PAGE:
If I were Kevin McHale ... I'd quit. But that would make for a really short column.

So let's try a more complex hypothetical. What would I do if I were Timberwolves exec Kevin McHale, I held the third pick in the 2008 NBA draft, my team was generating TV ratings that read like windchills, and my roster held exactly one potential star-quality player?

I'd take a good look in the mirror, see Kevin McHale, and deduce the following:

• If I take a player with the third pick, he's probably going to remind me of Christian Laettner. And not in a good way. Hold it -- is there a good way?

• I'm not just trying to add new players, but I'm also trying to get rid of old mistakes. Few people know this, but Marko Jaric picked up that supermodel he was dating last year by saying, "Hey, baby, do you know just how overpaid I am?"

Rashad McCants is what we thought he was (I now owe Denny Green 38 cents in royalties) -- a streaky scorer who plays defense like Wasswa Serwanga. They've got to go.

• I'm not just one good young player away from contending in the beastly Western Conference. I need platoons of help.

Take those three thoughts, stir, and you come to this conclusion: If I'm Kevin McHale, I don't try to trade up. I try to trade down.

If McHale can swing it -- and that "if" has grown like oil prices the past 10 years -- he should package the third pick in the draft and one of his many problems. He should find a way -- and this is going to require creativity and possibly a three- or four-team transaction -- to get a couple of picks lower in the first round.

If you're not going to land a superstar at No. 3, you'd be better off landing a couple of promising players later.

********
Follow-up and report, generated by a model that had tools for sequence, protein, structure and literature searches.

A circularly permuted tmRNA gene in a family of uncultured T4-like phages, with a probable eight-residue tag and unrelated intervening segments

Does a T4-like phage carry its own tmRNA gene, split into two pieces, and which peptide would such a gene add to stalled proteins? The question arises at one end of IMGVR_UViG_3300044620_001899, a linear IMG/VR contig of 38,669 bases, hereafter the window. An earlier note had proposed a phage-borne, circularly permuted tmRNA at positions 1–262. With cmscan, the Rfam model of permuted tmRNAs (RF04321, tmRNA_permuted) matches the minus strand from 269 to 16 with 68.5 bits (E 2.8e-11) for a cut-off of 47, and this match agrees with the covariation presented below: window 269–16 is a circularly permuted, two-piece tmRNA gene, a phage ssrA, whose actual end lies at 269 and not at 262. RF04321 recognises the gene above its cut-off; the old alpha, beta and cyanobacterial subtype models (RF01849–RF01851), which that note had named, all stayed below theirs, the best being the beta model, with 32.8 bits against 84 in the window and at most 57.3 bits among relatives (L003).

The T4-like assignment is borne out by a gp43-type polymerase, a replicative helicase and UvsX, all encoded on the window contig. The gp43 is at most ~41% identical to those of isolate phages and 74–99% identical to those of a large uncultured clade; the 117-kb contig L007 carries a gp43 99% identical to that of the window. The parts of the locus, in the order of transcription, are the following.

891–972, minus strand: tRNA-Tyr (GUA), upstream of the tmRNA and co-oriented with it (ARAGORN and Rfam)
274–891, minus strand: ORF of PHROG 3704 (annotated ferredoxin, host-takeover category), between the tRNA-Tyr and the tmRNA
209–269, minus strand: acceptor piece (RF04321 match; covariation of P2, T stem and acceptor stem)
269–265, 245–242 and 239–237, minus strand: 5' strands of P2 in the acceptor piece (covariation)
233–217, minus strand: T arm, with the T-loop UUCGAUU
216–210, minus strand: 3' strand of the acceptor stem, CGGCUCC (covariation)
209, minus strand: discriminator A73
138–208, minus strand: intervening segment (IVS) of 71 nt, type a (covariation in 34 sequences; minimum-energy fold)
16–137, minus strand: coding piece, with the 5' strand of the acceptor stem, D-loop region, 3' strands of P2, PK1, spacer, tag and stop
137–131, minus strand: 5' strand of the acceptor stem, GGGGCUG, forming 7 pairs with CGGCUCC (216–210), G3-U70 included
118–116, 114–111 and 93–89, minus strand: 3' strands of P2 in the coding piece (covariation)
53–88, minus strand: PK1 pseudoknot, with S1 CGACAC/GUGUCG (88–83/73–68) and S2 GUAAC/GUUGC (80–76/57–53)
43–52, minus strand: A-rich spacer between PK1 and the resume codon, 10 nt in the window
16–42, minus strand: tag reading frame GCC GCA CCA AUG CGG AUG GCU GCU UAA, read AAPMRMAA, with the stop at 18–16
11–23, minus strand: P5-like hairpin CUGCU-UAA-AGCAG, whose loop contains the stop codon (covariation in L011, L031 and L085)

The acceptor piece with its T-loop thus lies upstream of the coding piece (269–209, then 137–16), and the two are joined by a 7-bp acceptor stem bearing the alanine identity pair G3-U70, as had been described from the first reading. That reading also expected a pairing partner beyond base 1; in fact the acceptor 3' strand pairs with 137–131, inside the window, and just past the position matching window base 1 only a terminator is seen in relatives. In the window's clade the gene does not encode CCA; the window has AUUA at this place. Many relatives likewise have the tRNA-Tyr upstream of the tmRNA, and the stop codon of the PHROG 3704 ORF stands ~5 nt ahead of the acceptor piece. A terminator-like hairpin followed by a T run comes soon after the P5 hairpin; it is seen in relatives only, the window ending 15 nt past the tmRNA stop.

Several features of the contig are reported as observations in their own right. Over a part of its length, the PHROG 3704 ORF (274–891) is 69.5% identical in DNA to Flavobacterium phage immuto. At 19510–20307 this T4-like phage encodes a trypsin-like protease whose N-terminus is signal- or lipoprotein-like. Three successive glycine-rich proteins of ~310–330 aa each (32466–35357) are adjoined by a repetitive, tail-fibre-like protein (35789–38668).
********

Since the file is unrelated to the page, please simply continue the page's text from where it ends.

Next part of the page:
The favored NBA cliché holds that you build around superstars, but look at the league's final four. These teams win because they have cultivated winning cultures.

Detroit has zero superstars, and three of its four core players started elsewhere. The Pistons play exceptional defense, share the ball and make big shots.

Boston has three supposed superstars, but it's the Celtics defense and unselfishness that has allowed them to survive the frequent disappearing acts of Ray Allen and the occasional, expected sabbaticals of Kevin Garnett.

The Spurs have one star in Tim Duncan and two players -- Tony Parker and Manu Ginobli -- who might not be anything close to what they are now if they hadn't played for Gregg Popovich. The Spurs win because they're the toughest, best-coached team in basketball.

The Lakers have Kobe, but they're threats to win it all this year because Kobe has become the best all-around player in the game -- a guy who makes his teammates better -- instead of just the best scorer. He has changed the Lakers' culture.

Consider the players the Wolves might select at No. 3, and ask yourself if you wouldn't rather have two similarly good players:

• USC freshman O.J. Mayo: Let's see, a guy from SoCal named O.J. who hangs out with shady people and is about to write a book titled "If I Did It (Took Lots of Money at USC)." No thanks.

• Arizona guard Jerryd Bayless: Nice player, but how is he different from Randy Foye? Other than, the Wolves didn't trade Brandon Roy to get him?

• Italian star Danilo Gallinari: Would follow in a long line of Italian basketball stars, like Christiani DePauli and D'Amare Stoudamirioli.

• Stanford center Brook Lopez: This is what the Wolves need -- more centers from Stanford.

The earliest rumors (or lies) from NBAland offer the possibility that the Bulls will take Memphis' Derrick Rose, the Heat will take Mayo and Kansas State's Michael Beasley could fall to the Wolves at No. 3. If that happens, disregard all of the above.

Beasley is the player I want. If he's not available, the Wolves get creative, trade down, get rid of one of their problems and take a couple of guys who might be just as good as the player selected No. 3.

Then, next year, when the Wolves have the first pick in the draft, they can take a star.

Jim Souhan can be heard Sundays from 10 a.m.-noon on AM-1500 KSTP. • jsouhan@startribune.com